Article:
Tuesday, 18 October 2011

Spotting those in danger of not enduring

At LightHouse on Sunday night I was asked how we spot those at risk of not enduring, or spot it in ourselves?  Here are some suggestions:

1. A gradual drift away from God's people.  This can be in terms of sporadic or decreasing attendance, not because attendance is mandatory but because meeting with God's people is one way of keeping our heart warm to the gospel.  But this drift can be more subtle - it can be in terms of attendance at but increasing disengaging with God's people - someone can be at church (the event) but not be in church (committed and involved in gospelling and being gospelled).  Hebrews 10v25 - this is one of the warnings that is given to this church.

2. A prioritising of other things.  Idolatry is not just the replacement of God with something else but when we allow good things he has given us to rival him as the ultimate priority.  This can begin in our hearts and subtly in our thinking, it can be pride or comfort or ease (e.g. its hard to deal with the children at church, or I'm so embarrassed by how they behave), or simply be that we would rather be doing something else we love.  Our actions reveal our priorities and our real loves.

3. A gradual hardening of the heart.  Outward symptoms are often discernible but if it is a slow freeze they can be hard to detect.  I think the key one is a loss of joy and a gradual preoccupation with 'why me?' or 'if only...' thinking instead of remembering and rejoicing in what God has done and is doing.  (Hebs 3:15)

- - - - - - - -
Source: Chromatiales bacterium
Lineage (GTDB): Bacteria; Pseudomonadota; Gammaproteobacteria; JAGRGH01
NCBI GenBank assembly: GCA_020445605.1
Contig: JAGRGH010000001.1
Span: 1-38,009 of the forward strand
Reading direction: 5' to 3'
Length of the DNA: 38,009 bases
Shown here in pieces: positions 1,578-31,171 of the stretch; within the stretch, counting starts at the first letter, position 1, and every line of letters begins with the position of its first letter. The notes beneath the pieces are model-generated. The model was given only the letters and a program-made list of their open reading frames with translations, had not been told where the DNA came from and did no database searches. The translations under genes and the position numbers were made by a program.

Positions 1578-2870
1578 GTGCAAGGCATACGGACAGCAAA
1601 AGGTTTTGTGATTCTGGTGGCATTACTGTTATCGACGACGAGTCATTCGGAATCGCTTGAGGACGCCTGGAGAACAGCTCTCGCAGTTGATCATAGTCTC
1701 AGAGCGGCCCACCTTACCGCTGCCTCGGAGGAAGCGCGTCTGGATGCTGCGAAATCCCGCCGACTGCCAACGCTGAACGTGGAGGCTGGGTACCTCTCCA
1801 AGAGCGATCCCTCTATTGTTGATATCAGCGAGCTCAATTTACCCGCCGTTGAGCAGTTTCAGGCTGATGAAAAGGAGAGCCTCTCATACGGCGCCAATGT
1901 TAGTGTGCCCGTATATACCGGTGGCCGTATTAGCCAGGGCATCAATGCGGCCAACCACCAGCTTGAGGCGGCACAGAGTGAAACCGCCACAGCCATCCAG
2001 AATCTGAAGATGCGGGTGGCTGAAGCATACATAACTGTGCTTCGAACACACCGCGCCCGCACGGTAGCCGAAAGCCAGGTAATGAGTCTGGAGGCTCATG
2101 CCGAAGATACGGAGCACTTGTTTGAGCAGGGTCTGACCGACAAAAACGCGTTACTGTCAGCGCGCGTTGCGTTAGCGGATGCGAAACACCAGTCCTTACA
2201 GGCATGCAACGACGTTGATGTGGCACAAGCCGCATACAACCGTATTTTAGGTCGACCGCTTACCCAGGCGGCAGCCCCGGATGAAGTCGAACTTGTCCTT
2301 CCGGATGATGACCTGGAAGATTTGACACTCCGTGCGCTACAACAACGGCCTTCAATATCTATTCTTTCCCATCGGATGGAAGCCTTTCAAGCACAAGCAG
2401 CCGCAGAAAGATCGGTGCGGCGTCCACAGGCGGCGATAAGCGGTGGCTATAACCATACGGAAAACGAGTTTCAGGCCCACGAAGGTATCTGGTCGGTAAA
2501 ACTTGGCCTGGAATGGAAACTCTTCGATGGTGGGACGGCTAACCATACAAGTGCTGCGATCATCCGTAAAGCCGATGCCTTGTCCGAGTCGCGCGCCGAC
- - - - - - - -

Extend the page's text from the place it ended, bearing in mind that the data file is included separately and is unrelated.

3. A failure to thrive.  As Christians we are not just meant to make it through, we are meant to thrive.  Yes we are in  battle, yes we will face hardship and persecution because of the suffering, yes the no suffering, no guts, not glory, yes Christ is our model, yes we carry our cross.  But we do so not out of a grudging sense of duty, not out of joyless drudgery, or legalistic necessity but out of an ever growing awareness and wonder and rejoicing in the love of God revealed in Christ.  Not only are we meant to thrive but we are equipped to thrive even in suffering - the Apostle Paul is not a freak in rejoicing in suffering, he can do so because he is aware of the wonder of his salvation and the call to live as God's ambassador empowered by the Spirit entrusted with the gospel.

Each of these is rarely an on/off thing.  We don't wake up one morning and think I'm not thriving, or I've lost my joy.  It is the gradual drip, drip, drip, the gradual slip of focus, the slow long term erosion of joy in the gospel.  And that is why it is so dangerous because it can happen and we are unaware of it.  What is the remedy?  It is to grow in our understanding and amazement of what God has done for us in Christ as we see God's plan of salvation in its full biblical, eternal, cosmological scope and scale.

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